123. Alternatives for mild disease include nystatin suspension (100 000 U/mL) 4–6 mL 4 times daily, OR 1–2 nystatin pastilles (200 000 U each) 4 times daily, for 7–14 days (strong recommendation; moderate-quality evidence).
124. For moderate to severe disease, oral fluconazole, 100–200 mg daily, for 7–14 days is recommended (strong recommendation; high-quality evidence).
From the document:
131. Systemic antifungal therapy is always required. A diagnostic trial of antifungal therapy is appropriate before performing an endoscopic examination (strong recommendation; high-quality evidence).
132. Oral fluconazole, 200–400 mg (3–6 mg/kg) daily, for 14–21 days is recommended (strong recommendation; high-quality evidence).
133. For patients who cannot tolerate oral therapy, intravenous fluconazole, 400 mg (6 mg/kg) daily, OR an echinocandin (micafungin, 150 mg daily, caspofungin, 70-mg loading dose, then 50 mg daily, or anidulafungin, 200 mg daily) is recommended (strong recommendation; high-quality evidence).
There is much more in the body of the paper. I have only provided highlights of things I think hospitalists might need for quick reference.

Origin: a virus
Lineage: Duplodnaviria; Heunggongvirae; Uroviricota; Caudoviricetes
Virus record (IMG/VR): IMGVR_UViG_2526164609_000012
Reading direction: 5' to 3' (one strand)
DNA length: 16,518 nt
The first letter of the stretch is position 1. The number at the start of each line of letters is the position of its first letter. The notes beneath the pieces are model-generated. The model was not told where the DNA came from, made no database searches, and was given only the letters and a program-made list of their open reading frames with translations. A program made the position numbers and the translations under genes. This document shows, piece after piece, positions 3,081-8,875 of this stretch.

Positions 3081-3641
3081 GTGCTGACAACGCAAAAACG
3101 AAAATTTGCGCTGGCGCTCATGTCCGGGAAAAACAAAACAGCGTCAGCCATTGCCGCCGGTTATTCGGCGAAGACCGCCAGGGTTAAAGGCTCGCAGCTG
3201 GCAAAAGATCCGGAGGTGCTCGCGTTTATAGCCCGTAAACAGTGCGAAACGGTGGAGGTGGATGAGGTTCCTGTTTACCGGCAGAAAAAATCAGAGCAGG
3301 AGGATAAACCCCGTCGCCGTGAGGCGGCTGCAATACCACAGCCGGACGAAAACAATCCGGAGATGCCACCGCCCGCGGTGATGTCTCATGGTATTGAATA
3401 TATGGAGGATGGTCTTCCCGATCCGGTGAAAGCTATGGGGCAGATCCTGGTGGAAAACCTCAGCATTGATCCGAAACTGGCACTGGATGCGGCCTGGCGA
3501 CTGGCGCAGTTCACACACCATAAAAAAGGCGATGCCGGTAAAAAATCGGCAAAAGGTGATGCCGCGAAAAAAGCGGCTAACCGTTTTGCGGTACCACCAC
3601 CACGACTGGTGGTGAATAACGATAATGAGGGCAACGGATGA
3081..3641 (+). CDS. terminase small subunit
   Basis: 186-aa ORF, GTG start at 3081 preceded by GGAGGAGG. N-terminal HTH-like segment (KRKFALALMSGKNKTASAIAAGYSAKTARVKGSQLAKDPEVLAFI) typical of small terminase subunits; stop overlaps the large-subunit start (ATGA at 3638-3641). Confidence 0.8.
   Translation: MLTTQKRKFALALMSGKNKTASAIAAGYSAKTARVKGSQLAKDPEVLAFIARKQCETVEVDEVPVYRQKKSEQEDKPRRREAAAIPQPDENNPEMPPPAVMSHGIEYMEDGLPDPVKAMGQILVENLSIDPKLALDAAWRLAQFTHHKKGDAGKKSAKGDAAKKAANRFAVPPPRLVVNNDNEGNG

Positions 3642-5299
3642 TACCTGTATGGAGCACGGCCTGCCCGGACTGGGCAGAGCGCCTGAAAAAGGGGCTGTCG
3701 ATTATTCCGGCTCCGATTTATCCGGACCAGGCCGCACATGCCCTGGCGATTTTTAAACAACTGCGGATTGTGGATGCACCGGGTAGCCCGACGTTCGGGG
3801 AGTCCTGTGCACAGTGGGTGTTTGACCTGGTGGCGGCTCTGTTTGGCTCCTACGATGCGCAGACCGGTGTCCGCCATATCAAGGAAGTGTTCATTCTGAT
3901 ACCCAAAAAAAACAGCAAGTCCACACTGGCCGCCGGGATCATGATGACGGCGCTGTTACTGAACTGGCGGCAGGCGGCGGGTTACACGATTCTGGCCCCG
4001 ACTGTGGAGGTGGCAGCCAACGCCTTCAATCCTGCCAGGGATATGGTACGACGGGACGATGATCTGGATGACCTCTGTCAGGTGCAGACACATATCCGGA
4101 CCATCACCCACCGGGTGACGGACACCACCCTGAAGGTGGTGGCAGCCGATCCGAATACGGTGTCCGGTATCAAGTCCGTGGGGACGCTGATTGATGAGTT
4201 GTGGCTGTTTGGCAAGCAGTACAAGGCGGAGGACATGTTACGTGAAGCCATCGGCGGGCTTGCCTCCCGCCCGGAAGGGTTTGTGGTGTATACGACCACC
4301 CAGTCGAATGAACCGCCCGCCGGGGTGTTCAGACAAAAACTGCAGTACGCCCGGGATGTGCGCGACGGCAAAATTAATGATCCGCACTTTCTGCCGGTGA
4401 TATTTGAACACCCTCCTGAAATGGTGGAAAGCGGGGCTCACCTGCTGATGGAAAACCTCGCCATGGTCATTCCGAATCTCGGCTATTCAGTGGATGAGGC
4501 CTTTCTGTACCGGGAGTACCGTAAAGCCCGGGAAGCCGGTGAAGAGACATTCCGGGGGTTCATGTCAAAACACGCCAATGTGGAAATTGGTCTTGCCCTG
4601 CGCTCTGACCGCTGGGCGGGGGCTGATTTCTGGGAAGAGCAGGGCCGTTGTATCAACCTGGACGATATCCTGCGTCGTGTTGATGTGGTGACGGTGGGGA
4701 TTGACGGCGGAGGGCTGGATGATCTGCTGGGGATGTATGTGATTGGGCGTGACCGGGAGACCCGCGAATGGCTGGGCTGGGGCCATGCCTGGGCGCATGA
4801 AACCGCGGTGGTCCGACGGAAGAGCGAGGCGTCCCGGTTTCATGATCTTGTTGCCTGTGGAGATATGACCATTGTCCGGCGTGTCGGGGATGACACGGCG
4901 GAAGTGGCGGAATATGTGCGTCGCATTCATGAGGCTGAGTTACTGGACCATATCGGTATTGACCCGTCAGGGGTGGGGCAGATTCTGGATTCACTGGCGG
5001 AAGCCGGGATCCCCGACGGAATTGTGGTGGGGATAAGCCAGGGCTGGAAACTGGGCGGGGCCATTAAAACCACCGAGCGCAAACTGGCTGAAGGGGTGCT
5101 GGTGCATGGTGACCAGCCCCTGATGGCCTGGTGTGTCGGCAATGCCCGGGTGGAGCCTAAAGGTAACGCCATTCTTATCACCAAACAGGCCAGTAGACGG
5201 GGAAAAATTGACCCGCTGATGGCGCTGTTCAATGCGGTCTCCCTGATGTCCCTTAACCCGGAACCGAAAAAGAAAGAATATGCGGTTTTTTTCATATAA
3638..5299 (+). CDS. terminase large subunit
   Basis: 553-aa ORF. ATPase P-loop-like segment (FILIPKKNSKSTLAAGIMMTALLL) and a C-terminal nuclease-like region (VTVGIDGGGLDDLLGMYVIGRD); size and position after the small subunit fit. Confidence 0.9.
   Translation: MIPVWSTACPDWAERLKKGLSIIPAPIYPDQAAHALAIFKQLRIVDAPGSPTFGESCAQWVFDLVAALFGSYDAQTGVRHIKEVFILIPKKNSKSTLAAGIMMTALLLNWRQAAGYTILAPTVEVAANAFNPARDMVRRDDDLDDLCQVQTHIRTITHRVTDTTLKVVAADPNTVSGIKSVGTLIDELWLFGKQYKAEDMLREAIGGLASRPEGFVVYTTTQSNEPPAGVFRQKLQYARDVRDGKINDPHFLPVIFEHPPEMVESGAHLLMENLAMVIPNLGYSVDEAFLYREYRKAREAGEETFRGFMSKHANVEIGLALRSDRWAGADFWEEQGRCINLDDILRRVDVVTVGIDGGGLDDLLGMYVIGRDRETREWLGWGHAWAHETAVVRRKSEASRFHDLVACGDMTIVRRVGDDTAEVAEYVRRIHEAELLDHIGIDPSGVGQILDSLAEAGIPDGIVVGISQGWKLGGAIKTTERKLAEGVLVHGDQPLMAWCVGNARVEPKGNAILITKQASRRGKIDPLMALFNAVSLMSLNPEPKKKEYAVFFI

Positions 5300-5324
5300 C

Here is the transcript of a wonderful talk by Faith Fitzgerald.
Over the past decade there has been a call to increase the emphasis on the humanities in the pre medical curriculum. Dr. Fitzgerald seems to take a contrarian view:
A number of months ago, a second-year medical student e-mailed me to ask about the value of humanities courses in our preclinical curriculum. A humanities major in college, he questioned the overwhelming dominance of medical sciences in his first 2 years of classes.
Science is, and must be, the mind of medicine: It is what differentiates us from quacks, and what patients depend on for their future well-being. Yet some say we should, in addition, teach humanities in medical schools because the applicants preferentially selected for admission are science-techno-geeks.
But that's not true! Among our medical students are musicians, poets, historians, dancers, and artists. They come from many and diverse backgrounds in culture, religion, and language. These humanities aren't extinguished in medical school, although some may be temporarily sidelined.
Still, shouldn't we have required classes in the humanities to emphasize to our students that study of the humanities makes people better doctors?
Sadly, there's not much evidence that it does. In the first half of the 20th century, Germany was a highly educated nation in literature, philosophy, and music. And what this allowed Nazi doctors to do in the death camps was to march their victims to the ovens with prisoner orchestras playing Handel and Bach to quiet them on their way to a cruel death.
The real education in the humanities, she maintains, comes from spending time with patients and getting to know them as persons.
There is a lot to unpack in her talk and I highly recommend reading it in full.